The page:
In hindsight, I was probably expected to gush about my own love for confusing art films shot only in natural light with no clear resolutions. But when your automatic reaction to a challenge are the words, “well, yippee-ki-yay, motherfucker,” loneliness is expressed by “talk to me, Goose,” and ultimate affection by the phrase “you make every day feel like kindergarten,” you’ve relinquished any right to take yourself seriously.

I laughed awkwardly instead, hoping to gloss over my sudden discomfort that there’s very little I love more than a good action movie. To do so usually involves owning up to the scarlet letter of being less than intelligent, which I’ve more than come to terms with. To do so as a woman, however, seems to open the door to questions about a broken moral compass and mental instability. The presumption being that women are somehow expected to skirt away from violence, and to prefer romantic comedies, indie films that require thought, and/or tear-jerker dramas. Anything but bloodshed, gunfire, and revenge.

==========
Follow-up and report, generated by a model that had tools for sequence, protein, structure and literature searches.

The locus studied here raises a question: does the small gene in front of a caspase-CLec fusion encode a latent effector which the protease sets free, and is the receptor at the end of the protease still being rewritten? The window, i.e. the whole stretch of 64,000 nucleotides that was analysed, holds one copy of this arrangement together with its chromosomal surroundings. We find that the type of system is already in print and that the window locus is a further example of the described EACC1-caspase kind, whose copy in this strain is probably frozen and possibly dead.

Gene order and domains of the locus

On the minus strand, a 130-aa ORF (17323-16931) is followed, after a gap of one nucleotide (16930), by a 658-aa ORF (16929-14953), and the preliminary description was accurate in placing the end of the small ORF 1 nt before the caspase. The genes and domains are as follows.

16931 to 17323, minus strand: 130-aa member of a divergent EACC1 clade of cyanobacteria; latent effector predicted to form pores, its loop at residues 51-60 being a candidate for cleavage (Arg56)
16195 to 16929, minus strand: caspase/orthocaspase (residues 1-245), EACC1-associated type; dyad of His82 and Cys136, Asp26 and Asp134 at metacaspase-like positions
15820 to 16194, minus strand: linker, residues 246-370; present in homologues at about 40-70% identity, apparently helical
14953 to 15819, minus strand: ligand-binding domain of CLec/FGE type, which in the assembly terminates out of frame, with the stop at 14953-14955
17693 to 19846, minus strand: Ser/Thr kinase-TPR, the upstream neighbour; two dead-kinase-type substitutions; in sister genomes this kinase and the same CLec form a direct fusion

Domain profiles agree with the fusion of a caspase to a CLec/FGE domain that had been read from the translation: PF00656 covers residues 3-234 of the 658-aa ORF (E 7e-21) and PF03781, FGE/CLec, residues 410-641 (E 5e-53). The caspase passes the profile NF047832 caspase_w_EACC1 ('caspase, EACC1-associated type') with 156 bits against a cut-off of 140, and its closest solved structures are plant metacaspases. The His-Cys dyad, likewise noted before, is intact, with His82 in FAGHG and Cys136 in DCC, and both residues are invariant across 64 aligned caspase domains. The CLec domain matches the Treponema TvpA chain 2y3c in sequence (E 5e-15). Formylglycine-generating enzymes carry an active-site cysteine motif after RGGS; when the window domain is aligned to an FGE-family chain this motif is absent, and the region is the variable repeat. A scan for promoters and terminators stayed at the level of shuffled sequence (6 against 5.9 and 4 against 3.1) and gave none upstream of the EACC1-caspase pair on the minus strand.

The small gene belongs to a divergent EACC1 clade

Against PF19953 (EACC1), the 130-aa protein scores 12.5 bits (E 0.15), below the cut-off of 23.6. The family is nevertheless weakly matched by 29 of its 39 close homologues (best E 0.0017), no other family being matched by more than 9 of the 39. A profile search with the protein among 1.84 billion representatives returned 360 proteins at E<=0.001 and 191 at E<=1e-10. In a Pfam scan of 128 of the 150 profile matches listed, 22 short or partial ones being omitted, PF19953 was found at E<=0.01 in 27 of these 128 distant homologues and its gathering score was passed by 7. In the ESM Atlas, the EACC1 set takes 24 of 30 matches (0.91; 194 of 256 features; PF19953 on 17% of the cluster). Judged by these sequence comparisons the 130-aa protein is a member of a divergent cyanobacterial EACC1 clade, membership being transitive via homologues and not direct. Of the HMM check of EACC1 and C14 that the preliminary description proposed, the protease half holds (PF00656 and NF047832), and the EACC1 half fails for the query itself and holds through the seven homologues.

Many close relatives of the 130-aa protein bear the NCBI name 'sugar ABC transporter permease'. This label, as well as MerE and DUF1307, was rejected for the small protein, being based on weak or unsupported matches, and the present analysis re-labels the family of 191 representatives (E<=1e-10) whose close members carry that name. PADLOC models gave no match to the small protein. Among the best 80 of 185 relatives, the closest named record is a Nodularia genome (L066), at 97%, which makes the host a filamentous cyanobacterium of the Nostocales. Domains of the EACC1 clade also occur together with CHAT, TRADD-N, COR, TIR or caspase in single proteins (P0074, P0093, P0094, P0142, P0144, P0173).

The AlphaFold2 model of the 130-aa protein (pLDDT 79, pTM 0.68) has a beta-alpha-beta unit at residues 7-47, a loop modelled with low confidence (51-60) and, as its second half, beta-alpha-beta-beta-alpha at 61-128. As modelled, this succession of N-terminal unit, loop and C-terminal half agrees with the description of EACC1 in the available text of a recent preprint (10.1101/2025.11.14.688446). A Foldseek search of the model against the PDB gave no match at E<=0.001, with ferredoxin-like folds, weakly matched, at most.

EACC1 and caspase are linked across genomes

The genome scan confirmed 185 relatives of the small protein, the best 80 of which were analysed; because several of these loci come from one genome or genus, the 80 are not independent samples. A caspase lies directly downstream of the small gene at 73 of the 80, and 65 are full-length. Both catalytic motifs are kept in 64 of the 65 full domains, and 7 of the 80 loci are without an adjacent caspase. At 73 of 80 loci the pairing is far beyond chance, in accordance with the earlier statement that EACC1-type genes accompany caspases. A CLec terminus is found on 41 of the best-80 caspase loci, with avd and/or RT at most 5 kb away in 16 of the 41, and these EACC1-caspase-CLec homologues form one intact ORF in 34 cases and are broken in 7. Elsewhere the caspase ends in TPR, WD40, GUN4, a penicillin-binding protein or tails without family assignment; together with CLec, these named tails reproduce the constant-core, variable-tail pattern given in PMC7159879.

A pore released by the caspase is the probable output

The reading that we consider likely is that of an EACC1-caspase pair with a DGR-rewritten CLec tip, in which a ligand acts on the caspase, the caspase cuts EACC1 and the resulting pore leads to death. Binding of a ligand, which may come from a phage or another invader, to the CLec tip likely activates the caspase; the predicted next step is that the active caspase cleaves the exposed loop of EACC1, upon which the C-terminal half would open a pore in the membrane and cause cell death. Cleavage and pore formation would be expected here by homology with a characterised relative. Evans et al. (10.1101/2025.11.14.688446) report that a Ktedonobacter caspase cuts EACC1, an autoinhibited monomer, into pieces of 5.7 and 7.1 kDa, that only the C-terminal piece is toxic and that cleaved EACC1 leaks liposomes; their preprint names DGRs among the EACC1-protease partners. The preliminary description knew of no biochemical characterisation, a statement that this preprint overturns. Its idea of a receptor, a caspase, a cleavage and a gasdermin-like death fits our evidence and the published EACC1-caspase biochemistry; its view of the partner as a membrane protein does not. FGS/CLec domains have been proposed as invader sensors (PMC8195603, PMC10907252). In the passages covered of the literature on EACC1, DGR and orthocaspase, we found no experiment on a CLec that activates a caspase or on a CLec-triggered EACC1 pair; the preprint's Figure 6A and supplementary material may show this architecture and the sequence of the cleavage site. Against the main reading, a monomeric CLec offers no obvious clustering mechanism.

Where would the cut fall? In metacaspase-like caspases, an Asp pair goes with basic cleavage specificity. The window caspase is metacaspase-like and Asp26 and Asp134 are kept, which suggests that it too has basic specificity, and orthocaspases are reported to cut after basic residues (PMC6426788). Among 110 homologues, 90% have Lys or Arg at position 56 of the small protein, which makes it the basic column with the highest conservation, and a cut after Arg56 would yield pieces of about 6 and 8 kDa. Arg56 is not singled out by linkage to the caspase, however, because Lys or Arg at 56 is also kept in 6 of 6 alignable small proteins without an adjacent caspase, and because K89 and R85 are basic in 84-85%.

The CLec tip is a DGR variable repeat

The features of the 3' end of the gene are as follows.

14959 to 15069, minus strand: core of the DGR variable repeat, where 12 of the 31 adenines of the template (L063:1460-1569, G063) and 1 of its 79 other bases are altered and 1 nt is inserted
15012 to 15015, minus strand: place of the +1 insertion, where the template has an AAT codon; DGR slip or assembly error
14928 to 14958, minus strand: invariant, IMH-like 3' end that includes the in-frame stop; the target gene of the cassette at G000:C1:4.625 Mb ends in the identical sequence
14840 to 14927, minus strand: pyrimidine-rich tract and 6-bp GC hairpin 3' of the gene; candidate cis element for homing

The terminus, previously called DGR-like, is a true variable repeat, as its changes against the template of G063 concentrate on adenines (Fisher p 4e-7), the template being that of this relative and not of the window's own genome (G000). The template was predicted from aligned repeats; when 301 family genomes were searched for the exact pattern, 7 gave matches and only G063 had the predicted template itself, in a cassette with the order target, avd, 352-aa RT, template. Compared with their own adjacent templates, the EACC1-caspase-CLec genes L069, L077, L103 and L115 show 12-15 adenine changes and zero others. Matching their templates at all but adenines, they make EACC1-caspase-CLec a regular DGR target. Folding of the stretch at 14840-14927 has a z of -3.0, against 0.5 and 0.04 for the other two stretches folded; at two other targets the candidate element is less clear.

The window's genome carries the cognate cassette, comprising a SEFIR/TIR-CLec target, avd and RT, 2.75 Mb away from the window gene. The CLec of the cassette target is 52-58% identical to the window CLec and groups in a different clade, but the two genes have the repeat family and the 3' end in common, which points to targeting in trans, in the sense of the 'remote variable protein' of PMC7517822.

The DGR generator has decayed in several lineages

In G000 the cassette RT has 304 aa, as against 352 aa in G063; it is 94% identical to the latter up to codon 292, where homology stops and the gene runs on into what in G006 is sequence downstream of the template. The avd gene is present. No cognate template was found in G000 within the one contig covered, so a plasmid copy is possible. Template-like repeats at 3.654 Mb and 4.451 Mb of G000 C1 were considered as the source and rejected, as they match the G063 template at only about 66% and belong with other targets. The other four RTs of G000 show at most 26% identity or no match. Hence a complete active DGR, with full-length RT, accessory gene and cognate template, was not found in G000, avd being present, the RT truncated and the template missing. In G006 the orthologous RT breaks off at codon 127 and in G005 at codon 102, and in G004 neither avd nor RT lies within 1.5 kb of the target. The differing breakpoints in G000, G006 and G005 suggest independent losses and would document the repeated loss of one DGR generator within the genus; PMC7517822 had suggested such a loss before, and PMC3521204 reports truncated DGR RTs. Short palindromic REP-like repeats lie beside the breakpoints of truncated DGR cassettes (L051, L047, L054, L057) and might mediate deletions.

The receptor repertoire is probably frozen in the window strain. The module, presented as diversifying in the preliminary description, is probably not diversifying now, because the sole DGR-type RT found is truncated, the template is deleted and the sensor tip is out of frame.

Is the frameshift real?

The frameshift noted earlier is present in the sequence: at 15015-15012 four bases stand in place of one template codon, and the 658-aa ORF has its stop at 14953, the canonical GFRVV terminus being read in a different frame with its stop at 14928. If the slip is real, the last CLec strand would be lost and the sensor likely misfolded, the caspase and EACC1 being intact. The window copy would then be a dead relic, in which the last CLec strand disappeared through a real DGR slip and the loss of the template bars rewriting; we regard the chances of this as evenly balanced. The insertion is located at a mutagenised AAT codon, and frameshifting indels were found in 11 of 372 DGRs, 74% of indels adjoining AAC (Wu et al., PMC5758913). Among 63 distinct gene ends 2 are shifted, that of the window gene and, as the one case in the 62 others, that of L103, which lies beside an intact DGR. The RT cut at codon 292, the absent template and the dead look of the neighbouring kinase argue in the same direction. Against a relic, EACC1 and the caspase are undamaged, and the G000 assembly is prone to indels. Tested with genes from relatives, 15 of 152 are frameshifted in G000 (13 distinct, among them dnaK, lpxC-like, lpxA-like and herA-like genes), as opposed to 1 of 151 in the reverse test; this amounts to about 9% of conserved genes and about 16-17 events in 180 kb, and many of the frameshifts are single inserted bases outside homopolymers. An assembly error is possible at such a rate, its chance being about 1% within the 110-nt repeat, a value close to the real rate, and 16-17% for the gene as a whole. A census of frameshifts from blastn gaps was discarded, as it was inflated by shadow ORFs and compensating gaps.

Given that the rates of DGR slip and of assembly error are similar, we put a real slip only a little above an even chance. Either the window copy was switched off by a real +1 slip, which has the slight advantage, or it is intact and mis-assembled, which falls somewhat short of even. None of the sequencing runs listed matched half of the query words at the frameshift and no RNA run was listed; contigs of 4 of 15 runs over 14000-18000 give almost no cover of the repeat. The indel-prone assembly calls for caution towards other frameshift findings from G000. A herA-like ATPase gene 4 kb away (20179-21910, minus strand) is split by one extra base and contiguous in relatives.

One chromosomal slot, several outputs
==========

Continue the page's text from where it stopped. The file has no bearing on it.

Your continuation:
To make matters worse, no one is impressed when you’re impressed by violence. For all the obligatory honesty and lack of self-consciousness in admitting that you’ve seen all – yes, all – the Transporter series, and that you communicate with your best friend in quotes from across the entire Fast and Furious series, such admissions are, more often than not, met with derision and suspicion. At best, some suspect it’s a move to gain points with the guys, as if scripted quotes could magically get someone to go home with me (I wish). At worst, I’m a closet psychopath preparing to go Postal (and though I’d almost prefer it, not in the way that involves a mini fridge full of blood bags).

 “But, why action movies?” Most people say.